Experimenting with new fly patterns is one of the many aspects of fly fishing that I enjoy. Our sport has endless opportunities to learn and explore the mysterious world of fish. Many years ago I started experimenting with known Atlantic salmon patterns. Two of the patterns I was quite interested in were the Frances and the Snaelda. Both produced fish. When Sean Stanton came up with the combination of these two patterns, the Franc ‘n Snaelda, I tried that pattern as well. The results were very good. I worked on improving the pattern, mostly to make the body and feelers more durable because they tended to break down from fraying on the teeth of the fish. I ended up with an epoxy body and a skirt to protect the base of the feelers. Four colour variations were commercially produced for me; “Babine”, “Skeena”, “Kispiox” and Bulkley”.

Fig 1: The original four SRFS Franc ‘n Snaelda patterns.

A few years ago a came up with two new colour variations. The first one, “Crustacean”, a fluorescent orange body with a salmon pink tail and fluorescent orange feelers.

Fig 2: My early FnS “Crustacean” prototypes. 


Fig 3: The final commercial version of the FnS “Crustacean”.

This colour is very effective for fresh fish in rivers that are slightly turbid with glacial sediment. I’ve found the same to be true with Chinook salmon. The last two seasons of testing have shown this to be a very effective pattern.


Fig 4+5: A couple of fish caught on the FnS “Crustacean”

The other new colour variation is the “Iron Maiden”. I wanted a Franc ‘n Snaelda for late season, clear, low water conditions. Something that would blend in and not be too intrusive.

Fig 6: My prototype of the FnS “Iron Maiden”

I have always liked the looks of the “Ice Maiden”, an Atlantic salmon pattern. It’s a subtle, pale coloured pattern, thus the “Maiden” part of the name. My “Iron Maiden” pattern uses a SnowRunner tail in a “steel” colour, white feelers, a skirt of badger fur, white with silver epoxy body, white badger hackle and a “blushing maiden pink” cone head. In the water the cone head is the only thing that stands out. The rest of the fly blends in quite nice in clear water conditions.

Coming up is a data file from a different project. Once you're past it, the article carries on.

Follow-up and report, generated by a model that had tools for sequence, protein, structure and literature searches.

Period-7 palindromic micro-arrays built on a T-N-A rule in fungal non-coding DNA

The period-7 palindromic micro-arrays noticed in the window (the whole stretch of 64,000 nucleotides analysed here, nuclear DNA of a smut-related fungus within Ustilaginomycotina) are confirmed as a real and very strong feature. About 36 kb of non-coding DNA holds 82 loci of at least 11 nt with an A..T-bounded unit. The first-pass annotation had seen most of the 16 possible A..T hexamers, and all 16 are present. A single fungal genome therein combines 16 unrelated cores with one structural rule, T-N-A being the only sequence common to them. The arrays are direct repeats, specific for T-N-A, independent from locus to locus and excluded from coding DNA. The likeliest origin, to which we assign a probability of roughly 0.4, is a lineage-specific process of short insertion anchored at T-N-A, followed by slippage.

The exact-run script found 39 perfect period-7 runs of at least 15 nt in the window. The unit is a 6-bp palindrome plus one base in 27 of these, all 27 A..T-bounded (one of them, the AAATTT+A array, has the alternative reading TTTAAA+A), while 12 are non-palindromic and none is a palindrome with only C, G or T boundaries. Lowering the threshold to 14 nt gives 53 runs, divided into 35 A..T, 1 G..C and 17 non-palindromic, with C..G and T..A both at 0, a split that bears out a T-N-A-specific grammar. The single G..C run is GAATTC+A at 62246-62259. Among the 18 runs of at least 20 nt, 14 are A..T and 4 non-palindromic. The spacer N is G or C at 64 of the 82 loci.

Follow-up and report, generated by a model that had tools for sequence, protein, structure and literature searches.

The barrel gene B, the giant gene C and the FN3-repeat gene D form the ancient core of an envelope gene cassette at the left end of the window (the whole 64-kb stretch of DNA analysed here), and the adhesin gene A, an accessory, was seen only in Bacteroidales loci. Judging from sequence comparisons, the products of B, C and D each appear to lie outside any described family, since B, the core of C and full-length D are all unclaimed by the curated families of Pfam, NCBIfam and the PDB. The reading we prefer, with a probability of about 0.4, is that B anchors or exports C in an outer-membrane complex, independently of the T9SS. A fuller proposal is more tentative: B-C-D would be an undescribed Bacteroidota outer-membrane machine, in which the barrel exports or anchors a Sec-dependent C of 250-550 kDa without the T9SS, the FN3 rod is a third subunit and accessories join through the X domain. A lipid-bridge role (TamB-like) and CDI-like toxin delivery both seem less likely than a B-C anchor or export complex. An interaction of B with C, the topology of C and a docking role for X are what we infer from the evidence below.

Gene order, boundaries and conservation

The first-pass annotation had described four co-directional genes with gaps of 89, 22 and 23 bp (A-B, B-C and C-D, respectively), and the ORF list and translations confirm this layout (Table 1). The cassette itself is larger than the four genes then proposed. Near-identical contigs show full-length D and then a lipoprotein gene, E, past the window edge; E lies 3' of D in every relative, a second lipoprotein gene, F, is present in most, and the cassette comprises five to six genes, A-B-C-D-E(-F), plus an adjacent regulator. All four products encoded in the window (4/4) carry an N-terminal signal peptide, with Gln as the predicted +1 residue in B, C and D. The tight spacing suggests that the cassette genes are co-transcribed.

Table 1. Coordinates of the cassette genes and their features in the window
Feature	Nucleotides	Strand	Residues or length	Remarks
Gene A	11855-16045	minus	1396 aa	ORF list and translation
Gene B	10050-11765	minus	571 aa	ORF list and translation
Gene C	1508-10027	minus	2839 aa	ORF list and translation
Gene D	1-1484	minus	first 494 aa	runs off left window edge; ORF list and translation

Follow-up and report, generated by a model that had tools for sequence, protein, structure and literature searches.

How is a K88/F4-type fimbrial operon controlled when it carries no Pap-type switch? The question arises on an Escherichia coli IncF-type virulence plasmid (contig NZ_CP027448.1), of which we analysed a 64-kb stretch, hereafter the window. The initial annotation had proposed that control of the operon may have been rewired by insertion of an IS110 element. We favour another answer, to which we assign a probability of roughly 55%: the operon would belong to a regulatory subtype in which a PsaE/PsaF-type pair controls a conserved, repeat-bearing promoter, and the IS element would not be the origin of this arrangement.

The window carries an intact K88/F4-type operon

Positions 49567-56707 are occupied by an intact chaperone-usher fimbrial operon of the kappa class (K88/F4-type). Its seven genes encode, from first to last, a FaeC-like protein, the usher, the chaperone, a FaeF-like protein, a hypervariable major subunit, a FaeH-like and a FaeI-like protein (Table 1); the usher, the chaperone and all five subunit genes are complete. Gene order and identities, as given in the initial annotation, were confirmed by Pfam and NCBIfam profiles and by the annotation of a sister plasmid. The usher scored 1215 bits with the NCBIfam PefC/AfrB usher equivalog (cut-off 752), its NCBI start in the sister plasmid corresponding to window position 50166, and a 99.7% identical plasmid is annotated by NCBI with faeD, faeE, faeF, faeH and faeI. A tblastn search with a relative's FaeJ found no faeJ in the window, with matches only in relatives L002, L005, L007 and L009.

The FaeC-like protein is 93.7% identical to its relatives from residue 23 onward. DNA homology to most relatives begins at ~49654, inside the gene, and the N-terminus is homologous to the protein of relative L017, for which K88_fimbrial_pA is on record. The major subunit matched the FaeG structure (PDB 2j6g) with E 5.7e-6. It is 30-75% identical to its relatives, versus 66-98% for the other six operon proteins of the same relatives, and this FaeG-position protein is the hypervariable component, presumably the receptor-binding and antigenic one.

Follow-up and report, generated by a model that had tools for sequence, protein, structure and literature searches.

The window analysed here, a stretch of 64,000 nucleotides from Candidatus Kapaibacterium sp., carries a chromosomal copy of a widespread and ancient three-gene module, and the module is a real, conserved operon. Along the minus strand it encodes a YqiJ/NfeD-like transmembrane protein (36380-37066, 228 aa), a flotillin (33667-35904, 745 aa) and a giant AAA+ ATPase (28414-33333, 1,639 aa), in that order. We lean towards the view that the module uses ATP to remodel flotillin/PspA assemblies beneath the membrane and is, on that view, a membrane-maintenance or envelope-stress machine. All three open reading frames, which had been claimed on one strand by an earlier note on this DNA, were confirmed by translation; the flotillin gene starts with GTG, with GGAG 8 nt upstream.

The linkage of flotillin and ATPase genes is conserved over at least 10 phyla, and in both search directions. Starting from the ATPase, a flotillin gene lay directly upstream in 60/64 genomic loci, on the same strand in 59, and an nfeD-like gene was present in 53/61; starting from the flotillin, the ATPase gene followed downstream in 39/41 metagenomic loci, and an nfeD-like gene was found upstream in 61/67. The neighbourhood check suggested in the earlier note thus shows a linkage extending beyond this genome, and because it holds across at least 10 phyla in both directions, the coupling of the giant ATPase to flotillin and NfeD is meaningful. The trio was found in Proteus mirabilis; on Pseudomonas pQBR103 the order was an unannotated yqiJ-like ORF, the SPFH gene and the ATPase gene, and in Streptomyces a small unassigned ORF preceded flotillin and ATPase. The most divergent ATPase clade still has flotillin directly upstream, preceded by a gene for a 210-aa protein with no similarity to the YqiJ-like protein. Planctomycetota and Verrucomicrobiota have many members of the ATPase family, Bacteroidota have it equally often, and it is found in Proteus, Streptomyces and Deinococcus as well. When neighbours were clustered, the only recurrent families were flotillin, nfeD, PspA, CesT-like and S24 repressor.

Fig 7: A late season small hen caught in very difficult clear water conditions on a FnS “Iron Maiden”

All our Franc ‘n Snaelda patterns we produce are available in an aluminum and brass version. I like to cast the fly straight across stream, or slightly upstream, then high stick the rod and allow the fly to sink. Then let it swing into shore. When it slows down twitch the pattern or strip it. Strikes tend to be very aggressive.

Step by step instructions on how to tie the Franc ‘n Snaelda with epoxy body and skirt can be found in some of my previous articles here.

Material lists:

FNS “Crustacean”
Ultimate Feelers – crustacean orange
1.8mm plastic tube – pink
tube – Integrated Shrimp Tube (brass) or Shrimp Tube (aluminum)
junction tube – orange
tail – snowrunner – salmon
flash – accent flash – pearl
body – thread – fluorescent orange with gold glitter + epoxy
hackle – badger rooster neck feather – orange
cone head – stout – silver

“Iron Maiden”
Ultimate Feelers – white
1.8mm plastic tube – pink
tube – Shrimp Tube brass or aluminum
junction tubing – clear
tail – snowrunner – “steel”
skirt – badger fur – natural
flash – accent flash – pearl
body – thread – white, with silver glitter + epoxy
hackle – badger rooster neck feather – white
cone head – stout – pink

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